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# Circuit Patterns, Part I: Understanding Circuit Schematics

You will get on much better in electronics if you learn to see the schematic line drawings as a series of patterns

When I was young, I wanted to learn how to build electronics. I bought a large number of books from Radio Shack and read them all, cover to cover. Unfortunately, the books that I read helped me to understand a little bit about the periphery of electronics but not the core subject. I learned what each type of part did in general resistors, capacitors, transistors, inductors, etc., but I never really understood how all of the pieces fit together. How do you go from understanding the parts to understand how they fit together into a circuit?

Throughout my life, I have returned to electronics now and again, sometimes personally, sometimes professionally. I eventually learned that most electronics follows basic patterns that are used over and over again. In fact, schematics (line drawings that show the basic parts of a system) are usually a combination of just a few patterns plus a sort of connect-the-dots between major components. Most schematics, far from being cryptic, turn out to be pretty straightforward once you learn the patterns.

Building circuits is often straightforward as well. If you need to interface two components, usually one of the standard circuit patterns is all you need. Not everything falls quite so neatly into standard patterns; there are indeed some advanced patterns that are more complicated than the others. Nonetheless, you may be surprised to learn what you can do, knowing only the most basic ones—and how many circuit schematics only use those basic patterns, even in professionally designed electronics.

Unfortunately, very few books actually teach these patterns as patterns. That is, occasionally, they will point to some of the patterns as interesting uses of components but they will rarely ask you to think about circuits in terms of the patterns. However, once you do think about them that way, the world of electronics opens up. You start to see the patterns everywhere.

When I learned how to read schematics, I was still mystified by most circuits. Circuits usually consisted of a dizzying array of resistors with a few other components added in. What were all these resistors doing? Why were they there? How did someone figure out what values they should have? However, once I learned the basic resistor patterns, it started becoming immediately obvious what most circuits were doing and why.

For example, “Oh, that’s just a pull-down resistor.” “Looks like they are using a voltage divider there.” Once you understand the basic patterns, then circuits stop looking like a randomly-assembled group of parts that someone got lucky with and start looking like rational, well-ordered systems.

Resistors, for example, feature four basic resistor patterns: current limiters, voltage dividers, pull-up resistors, and pull-down resistors. These patterns form the bulk of the ways you will see resistors used in schematics. Whether you understand them will determine whether you understand circuits.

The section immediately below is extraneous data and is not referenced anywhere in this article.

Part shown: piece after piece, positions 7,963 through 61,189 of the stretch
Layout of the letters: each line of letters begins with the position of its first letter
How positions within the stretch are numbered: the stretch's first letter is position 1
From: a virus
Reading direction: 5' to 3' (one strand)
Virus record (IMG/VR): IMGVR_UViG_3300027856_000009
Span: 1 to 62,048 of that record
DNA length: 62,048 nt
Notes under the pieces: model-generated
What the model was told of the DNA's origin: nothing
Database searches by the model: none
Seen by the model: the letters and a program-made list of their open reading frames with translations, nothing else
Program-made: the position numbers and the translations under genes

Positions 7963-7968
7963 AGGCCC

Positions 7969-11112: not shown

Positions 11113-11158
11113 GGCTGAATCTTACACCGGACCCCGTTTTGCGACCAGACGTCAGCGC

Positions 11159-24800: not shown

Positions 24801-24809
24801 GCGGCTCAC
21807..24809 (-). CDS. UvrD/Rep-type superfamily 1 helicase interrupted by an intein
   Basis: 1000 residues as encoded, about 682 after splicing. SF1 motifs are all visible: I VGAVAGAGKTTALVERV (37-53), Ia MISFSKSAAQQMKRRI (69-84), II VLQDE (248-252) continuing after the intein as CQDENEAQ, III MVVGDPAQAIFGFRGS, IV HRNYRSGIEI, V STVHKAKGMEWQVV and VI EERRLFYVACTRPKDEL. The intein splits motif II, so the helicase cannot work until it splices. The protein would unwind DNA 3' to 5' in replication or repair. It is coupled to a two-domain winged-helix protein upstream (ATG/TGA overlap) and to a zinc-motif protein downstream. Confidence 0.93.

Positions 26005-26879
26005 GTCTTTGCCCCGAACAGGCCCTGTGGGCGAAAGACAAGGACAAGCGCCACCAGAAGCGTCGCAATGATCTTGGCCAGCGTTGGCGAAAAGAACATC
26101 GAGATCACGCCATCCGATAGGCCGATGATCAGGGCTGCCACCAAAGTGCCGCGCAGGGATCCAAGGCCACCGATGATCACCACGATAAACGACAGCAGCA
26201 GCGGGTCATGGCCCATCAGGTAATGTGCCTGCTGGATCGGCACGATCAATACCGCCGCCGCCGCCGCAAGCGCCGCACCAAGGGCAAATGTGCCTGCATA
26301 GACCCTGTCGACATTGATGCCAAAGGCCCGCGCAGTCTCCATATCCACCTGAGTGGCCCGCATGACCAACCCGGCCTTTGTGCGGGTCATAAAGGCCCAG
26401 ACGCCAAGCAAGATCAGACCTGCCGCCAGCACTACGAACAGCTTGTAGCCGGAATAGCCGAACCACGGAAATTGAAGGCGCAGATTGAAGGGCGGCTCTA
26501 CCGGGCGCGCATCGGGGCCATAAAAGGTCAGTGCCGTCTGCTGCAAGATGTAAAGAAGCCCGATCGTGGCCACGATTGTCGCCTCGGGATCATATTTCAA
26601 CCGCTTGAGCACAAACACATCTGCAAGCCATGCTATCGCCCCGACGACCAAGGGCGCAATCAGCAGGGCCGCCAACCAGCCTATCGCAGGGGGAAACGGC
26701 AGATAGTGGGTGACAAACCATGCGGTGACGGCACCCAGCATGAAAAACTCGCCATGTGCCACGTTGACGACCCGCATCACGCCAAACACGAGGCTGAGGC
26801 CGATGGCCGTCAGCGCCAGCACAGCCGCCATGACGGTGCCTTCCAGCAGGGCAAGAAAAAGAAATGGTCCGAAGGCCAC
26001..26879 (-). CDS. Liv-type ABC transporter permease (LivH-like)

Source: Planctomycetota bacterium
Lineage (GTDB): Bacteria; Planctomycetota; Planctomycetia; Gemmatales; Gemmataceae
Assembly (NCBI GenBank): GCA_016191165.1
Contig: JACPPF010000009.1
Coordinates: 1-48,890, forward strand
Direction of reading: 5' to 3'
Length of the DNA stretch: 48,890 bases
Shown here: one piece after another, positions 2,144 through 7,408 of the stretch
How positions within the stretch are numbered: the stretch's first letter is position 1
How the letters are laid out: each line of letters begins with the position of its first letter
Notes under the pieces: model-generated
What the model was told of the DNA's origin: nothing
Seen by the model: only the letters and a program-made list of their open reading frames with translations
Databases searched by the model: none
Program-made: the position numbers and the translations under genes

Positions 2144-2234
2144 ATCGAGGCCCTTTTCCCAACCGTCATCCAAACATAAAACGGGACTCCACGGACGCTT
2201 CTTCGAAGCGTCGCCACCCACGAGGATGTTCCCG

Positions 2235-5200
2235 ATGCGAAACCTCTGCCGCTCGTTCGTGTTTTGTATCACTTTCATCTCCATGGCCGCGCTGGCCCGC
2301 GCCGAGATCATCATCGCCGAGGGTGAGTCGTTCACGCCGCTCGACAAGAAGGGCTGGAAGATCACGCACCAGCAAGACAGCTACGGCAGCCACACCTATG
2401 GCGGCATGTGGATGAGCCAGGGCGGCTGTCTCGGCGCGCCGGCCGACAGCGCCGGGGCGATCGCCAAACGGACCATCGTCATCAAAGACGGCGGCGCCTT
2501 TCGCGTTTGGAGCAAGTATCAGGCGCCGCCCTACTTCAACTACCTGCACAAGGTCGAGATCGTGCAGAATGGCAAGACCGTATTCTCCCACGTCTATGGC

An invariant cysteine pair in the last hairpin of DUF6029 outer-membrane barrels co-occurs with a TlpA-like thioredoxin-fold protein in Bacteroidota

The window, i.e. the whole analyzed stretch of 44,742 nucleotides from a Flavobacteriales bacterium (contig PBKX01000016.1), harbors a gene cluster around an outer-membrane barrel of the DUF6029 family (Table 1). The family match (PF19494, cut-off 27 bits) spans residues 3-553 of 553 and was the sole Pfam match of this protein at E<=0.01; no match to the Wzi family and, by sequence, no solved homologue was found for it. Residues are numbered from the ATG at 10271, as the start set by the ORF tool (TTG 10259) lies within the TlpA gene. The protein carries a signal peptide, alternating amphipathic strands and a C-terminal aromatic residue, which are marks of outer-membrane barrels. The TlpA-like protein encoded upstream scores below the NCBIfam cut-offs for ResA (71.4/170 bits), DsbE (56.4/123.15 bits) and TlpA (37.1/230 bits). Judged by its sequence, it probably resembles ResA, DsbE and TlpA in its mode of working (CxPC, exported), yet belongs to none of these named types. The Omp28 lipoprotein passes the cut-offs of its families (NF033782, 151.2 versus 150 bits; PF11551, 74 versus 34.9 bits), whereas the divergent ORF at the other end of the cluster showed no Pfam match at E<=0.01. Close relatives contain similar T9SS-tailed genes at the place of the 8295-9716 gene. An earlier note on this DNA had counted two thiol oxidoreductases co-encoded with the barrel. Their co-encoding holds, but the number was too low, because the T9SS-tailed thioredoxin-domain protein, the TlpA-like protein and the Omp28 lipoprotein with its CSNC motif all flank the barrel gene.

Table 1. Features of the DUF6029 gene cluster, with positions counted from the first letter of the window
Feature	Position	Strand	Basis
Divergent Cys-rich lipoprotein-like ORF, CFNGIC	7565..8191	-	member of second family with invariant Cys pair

The first pattern we will look at is the simplest one, the current limiting resistor:

A current limiting resistor is simply a resistor that protects another component from being overwhelmed with current. Many devices, such as LEDs, are limited as to how much current can flow through them without breaking. Thus, a current limiting resistor limits how much current will flow through that part of the circuit.

How big should you make a current limiting resistor? That can be determined using Ohm’s Law. In general terms, if we know the voltage coming in, we can use Ohm’s Law to figure out the maximum current the resistor will allow. To simplify matters, we will ignore other contributing factors for now.

Ohm’s Law states that our circuit’s resistance should be the voltage divided by the desired current. We can use this as a starting point for the value we choose for the resistor. If we place a resistor with that value in series with our component, it will offer the component the desired current protection.

In Part 2, we will look at the next resistor pattern, the voltage divider.

If you are interested in circuits and how to build them, I hope you will also check out my book Electronics for Beginners: A Practical Introduction to Schematics, Circuits, and Microcontrollers, published by technology publisher Apress (a Springer Nature company).

If you don’t know what a resistor is, that’s okay. Electronics for Beginners walks you through the very basics and will introduce you to each of the main components commonly used for building circuits, what they do, and how they are used in practical circuits.

You may also want to have a look at:

New electronics book honors citizen scientist Forrest Mims III.
Jonathan Bartlett’s dedication reflects Mims’ immense influence on electronics enthusiasts—including himself, as a boy. Electronics for Beginners follows in Mims’ footsteps as it shows the budding electronics enthusiast the many new components now available and how to use them.